Is suffering necessary in order to create art?
Quite the question, right?
Psychologists claim writers to be some %150 more susceptible to suffer from bi-polar disorder. Also, quite a lot of famous artists suffered from depression, schizophrenia, and a bunch of other disorders.
A lot of them committed suicide.
A few years ago I wrote a post on my blog on the same topic. There I argued that Max Blecher, a little known Romanian writer, who suffered immensely during his life due to Pott’s disease, which confined him to bed from the age of 19 until his death at 29. This guy, who suffered terribly, argued in one of his novels that there were a lot of writers who had lived long, happy lives.
Maybe he wished it to be true.
Maybe it made me reconsider the whole point of suffering.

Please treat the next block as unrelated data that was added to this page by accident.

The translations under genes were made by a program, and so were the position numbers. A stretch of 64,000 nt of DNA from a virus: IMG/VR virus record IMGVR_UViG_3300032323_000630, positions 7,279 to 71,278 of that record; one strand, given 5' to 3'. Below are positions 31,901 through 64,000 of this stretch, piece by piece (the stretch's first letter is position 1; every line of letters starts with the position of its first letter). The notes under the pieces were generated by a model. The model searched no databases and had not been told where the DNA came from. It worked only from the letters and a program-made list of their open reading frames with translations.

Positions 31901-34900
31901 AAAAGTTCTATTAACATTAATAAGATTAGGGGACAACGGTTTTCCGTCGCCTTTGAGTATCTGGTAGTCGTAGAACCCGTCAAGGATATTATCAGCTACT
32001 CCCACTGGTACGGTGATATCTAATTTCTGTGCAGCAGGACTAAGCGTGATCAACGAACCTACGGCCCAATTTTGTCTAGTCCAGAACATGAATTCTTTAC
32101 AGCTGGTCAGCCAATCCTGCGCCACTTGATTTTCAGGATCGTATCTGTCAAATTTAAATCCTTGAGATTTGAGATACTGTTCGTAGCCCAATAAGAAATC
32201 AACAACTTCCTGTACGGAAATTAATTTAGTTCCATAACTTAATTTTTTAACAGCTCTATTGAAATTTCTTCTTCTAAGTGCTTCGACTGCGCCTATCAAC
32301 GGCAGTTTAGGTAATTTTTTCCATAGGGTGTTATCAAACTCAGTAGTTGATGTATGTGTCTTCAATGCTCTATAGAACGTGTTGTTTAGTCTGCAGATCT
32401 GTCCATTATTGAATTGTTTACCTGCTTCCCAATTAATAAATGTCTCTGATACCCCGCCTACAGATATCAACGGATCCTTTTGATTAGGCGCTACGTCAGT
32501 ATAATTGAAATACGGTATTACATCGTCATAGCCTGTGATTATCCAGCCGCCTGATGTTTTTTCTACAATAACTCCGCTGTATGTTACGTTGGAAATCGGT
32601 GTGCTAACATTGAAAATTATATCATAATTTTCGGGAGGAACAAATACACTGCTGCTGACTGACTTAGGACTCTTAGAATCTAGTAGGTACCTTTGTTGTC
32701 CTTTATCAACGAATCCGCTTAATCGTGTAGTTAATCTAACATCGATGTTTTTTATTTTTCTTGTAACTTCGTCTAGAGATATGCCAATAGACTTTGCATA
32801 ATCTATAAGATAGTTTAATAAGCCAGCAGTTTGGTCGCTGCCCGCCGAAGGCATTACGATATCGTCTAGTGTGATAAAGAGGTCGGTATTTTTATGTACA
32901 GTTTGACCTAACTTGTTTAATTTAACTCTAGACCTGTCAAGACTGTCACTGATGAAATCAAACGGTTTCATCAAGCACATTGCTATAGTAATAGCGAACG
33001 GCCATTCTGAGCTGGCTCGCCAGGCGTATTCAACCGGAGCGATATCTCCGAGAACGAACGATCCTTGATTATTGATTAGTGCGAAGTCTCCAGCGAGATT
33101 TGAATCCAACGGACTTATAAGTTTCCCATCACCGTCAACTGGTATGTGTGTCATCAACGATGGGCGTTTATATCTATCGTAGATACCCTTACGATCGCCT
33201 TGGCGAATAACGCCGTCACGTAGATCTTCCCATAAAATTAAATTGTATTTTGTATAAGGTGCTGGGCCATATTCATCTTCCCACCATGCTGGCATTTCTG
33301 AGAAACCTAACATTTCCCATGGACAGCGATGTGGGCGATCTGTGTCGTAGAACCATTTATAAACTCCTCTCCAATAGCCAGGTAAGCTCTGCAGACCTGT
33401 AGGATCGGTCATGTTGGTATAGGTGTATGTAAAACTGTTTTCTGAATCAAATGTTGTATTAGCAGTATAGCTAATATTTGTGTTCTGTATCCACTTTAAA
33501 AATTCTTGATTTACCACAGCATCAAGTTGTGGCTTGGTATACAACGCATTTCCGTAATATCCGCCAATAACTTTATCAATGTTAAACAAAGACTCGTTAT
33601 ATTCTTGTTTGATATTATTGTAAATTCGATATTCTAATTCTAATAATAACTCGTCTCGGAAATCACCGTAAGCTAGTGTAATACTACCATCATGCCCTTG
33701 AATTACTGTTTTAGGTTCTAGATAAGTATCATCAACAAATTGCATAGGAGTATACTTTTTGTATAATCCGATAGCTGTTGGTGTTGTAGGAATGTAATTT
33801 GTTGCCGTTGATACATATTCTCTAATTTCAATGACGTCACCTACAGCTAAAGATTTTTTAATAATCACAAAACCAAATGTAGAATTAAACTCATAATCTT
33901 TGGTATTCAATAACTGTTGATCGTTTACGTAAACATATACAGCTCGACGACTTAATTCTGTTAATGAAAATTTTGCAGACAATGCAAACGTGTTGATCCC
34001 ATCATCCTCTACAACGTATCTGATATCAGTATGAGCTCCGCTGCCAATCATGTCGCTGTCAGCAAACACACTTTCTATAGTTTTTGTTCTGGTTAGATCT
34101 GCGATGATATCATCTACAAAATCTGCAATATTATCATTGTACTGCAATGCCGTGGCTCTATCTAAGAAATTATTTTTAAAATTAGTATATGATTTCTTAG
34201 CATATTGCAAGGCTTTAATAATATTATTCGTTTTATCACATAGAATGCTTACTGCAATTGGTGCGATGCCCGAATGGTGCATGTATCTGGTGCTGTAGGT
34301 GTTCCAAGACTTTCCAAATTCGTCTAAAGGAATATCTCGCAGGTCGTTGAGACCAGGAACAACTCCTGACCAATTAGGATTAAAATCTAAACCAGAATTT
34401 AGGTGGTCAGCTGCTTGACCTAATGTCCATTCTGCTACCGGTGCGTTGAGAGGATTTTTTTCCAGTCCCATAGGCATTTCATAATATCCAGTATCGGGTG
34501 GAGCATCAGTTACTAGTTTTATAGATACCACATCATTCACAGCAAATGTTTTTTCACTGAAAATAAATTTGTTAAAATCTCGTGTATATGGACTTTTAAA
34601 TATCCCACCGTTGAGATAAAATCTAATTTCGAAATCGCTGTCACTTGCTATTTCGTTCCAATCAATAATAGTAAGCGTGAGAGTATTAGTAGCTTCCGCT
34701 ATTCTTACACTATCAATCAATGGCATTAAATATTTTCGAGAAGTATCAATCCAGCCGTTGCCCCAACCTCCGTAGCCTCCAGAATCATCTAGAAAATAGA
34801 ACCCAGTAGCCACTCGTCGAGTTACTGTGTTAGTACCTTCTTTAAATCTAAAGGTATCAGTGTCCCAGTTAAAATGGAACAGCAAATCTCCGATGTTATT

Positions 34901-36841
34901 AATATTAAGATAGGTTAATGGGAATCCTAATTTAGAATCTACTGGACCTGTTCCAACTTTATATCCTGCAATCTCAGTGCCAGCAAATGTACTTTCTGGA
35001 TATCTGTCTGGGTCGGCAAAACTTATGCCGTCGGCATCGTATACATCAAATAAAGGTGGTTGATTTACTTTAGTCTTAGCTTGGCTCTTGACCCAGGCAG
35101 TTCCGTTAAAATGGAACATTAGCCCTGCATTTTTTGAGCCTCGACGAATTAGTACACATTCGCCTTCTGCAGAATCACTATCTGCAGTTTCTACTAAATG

What I can say now, some five years later, is that being great at something (whether it’s art, sport, business) requires the kind of dedication that doesn’t make much sense. To most people, life is a balancing act. You want to earn money, have a social life, find love, travel, enjoy some alone time, maybe create some art, play some sports… but truth is, if you want to be great at something, you have to dedicate your life to it. Sacrifice everything else for it.
The kind of dedication that turns you into a monk.
Does that make sense? Does it sound normal? No. It’s not. But if you have a terrible life, you are poor, ugly, and socially inept, what else can you do?
I feel this is an oversimplification of course, but there quite a bit of truth to it. When there’s nothing else to do, you dedicate yourself to your art. It’s your way of escaping the hell that surrounds you. It’s your way of finding purpose. Maybe the broken are the only ones who choose to dedicate themselves to art, in which case correlation does not imply causality.
Anyone could become a great artist if they were willing to sacrifice 10-12 hours a day to bettering themselves. After all, art is not this esoteric, offered by the gods kind of thing, but rather a craft. And any craft can be learned. It just takes a huge volume of work until you become truly good.